Lifestyle

ENERGY SOLUTIONS: Each flush sends energy right down the drain

How much energy is used every time we flush a toilet?

Seems like a strange question at first. Unless you live on an acreage and have to pump your water to flush that toilet, most of us enjoy water that is mostly pressurized by the relative height of the dams.

Yet water requires a lot of energy. Consider this time of the year, when the water is at its coldest temperature; it requires a lot more energy to heat it up.

Even the lowly toilet is extracting heat from the bathroom every time it re-fills  – more than we likely could imagine.

Another surprising place in which water consumes energy is at the tail end of the process: every litre of waste water we create requires energy to process it before releasing the liquid back into the environment.

Quite apart from the loss to nature, wasting water costs us.

Then there are the larger costs. Having to build more dams and related infrastructure is pricey. In the next few years we will be paying quite a bit more for water should another dam be built (as is predicted).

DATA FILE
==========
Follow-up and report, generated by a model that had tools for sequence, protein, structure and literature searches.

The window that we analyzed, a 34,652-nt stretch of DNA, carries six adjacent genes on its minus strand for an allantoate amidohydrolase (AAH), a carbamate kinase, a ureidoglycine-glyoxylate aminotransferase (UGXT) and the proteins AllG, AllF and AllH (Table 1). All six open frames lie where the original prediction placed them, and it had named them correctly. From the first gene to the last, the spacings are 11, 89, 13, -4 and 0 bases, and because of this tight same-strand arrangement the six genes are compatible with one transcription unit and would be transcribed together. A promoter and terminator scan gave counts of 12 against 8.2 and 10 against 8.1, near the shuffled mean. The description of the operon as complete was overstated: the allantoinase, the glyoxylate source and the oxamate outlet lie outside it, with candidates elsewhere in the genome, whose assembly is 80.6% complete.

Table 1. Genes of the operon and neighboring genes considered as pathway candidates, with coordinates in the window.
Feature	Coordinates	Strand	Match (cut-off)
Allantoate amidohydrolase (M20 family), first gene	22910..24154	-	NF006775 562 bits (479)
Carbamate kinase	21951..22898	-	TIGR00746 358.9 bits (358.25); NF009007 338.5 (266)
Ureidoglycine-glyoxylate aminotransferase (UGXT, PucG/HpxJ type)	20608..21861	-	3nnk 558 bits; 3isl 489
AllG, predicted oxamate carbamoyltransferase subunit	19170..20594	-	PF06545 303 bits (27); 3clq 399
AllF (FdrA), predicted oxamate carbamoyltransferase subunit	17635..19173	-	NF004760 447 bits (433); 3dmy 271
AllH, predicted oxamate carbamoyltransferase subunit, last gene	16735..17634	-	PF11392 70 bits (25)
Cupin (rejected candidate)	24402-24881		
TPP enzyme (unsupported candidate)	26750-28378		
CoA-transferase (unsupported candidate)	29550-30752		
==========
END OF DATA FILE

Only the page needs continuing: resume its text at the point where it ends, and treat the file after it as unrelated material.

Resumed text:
Since nearly 40 per cent of the water we use in homes is consumed by toilets alone, it is understandable why the City of Nanaimo offers incentives to replace the old units  – that use a whopping 12 litres each flush – with the new ones using about half that amount.

Presently the city is putting together a revised water conservation plan. Increasing the user rates is the most effective method; otherwise we too easily take drinking water for granted.

Yet many of us would be willing to do our part if we had the necessary tools. Other municipalities have provided such tools in the form of water-saving toilet adaptor devices, tap aerators, incentives for commercial and industrial users, and education.

Energy Solutions for Vancouver Island is committed to the educational component, and may be involved this summer in helping us take further steps.

Want to find out more about our water? Bill Sims is the head of the city’s water infrastructure, and will be our guest on March 10 at a free public event.

He will outline what the city has done to save water, and some of what may be coming down the pipe. His presentation starts at 1 p.m. at Brechin United Church, 1998 Estevan Rd.

 

Ian Gartshore chairs the non-profit Energy Solutions for Vancouver Island.

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